Commissioned in 2016 to report to the Chancellor and Secretary of State for Culture, Media and Sport – this review considers the funding and sustainability of listed church buildings. Published on 20/12/17, the press release for the review says….
” The review panel highlighted the best practice of many churches and of volunteers around the country, with buildings adapted and used for cafes, playgroups, and in some cases NHS and post office services. The panel said it wants to see more innovation of this kind.”
But the press release also commented that….
“Congregations are individually responsible for the care of their own buildings and despite the commitment and hard work of volunteers, the panel found a lack of consistency in the ability of many churches to carry out routine maintenance and repairs.”
The press release goes on to summarise the reviews recommendations as shown below – and says that these should be tested through pilot schemes in both rural and urban areas.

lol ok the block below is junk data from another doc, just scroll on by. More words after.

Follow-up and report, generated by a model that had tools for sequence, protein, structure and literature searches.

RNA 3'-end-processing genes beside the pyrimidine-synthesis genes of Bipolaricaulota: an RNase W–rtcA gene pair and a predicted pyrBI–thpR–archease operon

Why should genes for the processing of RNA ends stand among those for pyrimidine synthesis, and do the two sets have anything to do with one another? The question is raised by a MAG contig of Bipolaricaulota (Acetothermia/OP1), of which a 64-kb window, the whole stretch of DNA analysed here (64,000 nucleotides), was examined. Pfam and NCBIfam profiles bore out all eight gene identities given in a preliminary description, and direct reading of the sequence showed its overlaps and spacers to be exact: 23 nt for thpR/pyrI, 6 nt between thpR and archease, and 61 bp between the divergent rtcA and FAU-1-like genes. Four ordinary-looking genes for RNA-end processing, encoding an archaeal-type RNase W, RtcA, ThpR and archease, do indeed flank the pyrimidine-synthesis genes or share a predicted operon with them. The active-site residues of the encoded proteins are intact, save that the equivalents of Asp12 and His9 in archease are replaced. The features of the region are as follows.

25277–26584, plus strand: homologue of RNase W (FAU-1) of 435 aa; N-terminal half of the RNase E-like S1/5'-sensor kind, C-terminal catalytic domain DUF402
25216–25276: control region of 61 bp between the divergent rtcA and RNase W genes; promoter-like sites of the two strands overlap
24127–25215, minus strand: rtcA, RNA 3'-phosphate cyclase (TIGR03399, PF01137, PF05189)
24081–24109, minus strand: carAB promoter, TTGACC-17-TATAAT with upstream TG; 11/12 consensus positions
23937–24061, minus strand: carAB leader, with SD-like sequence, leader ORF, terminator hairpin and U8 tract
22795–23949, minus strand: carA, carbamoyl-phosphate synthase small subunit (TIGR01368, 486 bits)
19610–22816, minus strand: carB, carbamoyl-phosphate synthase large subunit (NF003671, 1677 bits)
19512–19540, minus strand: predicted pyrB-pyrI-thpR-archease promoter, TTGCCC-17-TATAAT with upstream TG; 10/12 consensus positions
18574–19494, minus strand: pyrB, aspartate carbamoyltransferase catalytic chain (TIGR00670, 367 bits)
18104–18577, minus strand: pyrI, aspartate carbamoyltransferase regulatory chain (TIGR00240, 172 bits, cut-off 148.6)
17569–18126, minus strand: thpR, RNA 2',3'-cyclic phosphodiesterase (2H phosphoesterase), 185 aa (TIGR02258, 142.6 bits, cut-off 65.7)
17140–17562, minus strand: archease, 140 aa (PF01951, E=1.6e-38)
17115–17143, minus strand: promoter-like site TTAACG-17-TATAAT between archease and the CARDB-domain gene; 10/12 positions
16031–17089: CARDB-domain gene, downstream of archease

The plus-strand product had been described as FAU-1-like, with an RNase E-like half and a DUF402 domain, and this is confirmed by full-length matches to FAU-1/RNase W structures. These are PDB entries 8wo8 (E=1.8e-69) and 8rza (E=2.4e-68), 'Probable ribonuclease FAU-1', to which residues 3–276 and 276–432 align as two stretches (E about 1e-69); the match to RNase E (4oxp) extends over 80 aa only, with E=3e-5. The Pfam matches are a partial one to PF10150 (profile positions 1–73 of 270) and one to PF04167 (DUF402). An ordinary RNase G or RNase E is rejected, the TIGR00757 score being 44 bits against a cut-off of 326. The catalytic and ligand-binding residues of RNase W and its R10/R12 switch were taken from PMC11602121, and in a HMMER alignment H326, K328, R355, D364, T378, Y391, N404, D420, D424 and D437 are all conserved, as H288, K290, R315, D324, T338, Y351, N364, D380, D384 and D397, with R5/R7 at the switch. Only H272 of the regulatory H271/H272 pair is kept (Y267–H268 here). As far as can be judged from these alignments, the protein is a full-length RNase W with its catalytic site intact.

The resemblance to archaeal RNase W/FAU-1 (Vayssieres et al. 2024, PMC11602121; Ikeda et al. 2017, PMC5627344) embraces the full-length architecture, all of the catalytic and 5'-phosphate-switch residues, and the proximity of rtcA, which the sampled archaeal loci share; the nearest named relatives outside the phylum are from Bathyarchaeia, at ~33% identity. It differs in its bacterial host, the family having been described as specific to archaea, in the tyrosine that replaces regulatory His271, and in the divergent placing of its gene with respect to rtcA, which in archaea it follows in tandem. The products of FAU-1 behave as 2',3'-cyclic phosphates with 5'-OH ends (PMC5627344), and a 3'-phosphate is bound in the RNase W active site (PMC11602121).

- “creating a national network of Community Support Advisers to help churches identify and strengthen wide ranging relationships within their local area”. The review hopes that “through greater community engagement, churches will be used more frequently and can maximise new funding options reflecting this broad community involvement.”
- “creating a group of ‘Fabric Support Officers’ who have practical heritage buildings expertise to ensure that all churches have access to high quality advice”
- churches should “develop annual minor repairs plans. This will mean that repairs can be addressed immediately and prevent the development of more costly major repair.”
- churches should prepare ” a rolling ten-year major repairs plan” and that these be “kept up to date so that larger works can be planned and given the best chance of being properly funded.”
It’s worth looking at the letters in response to the report in the Church Times this week. These wondered about the role of the proposed Fabric Support Officers and Community Support Advisers and questioned how far community use ideas for church buildings were viable for remote rural churches.
And it’s also interesting to compare the current report’s proposals with recommendations in the Church of England’s Church Buildings Review report, issued in 2015.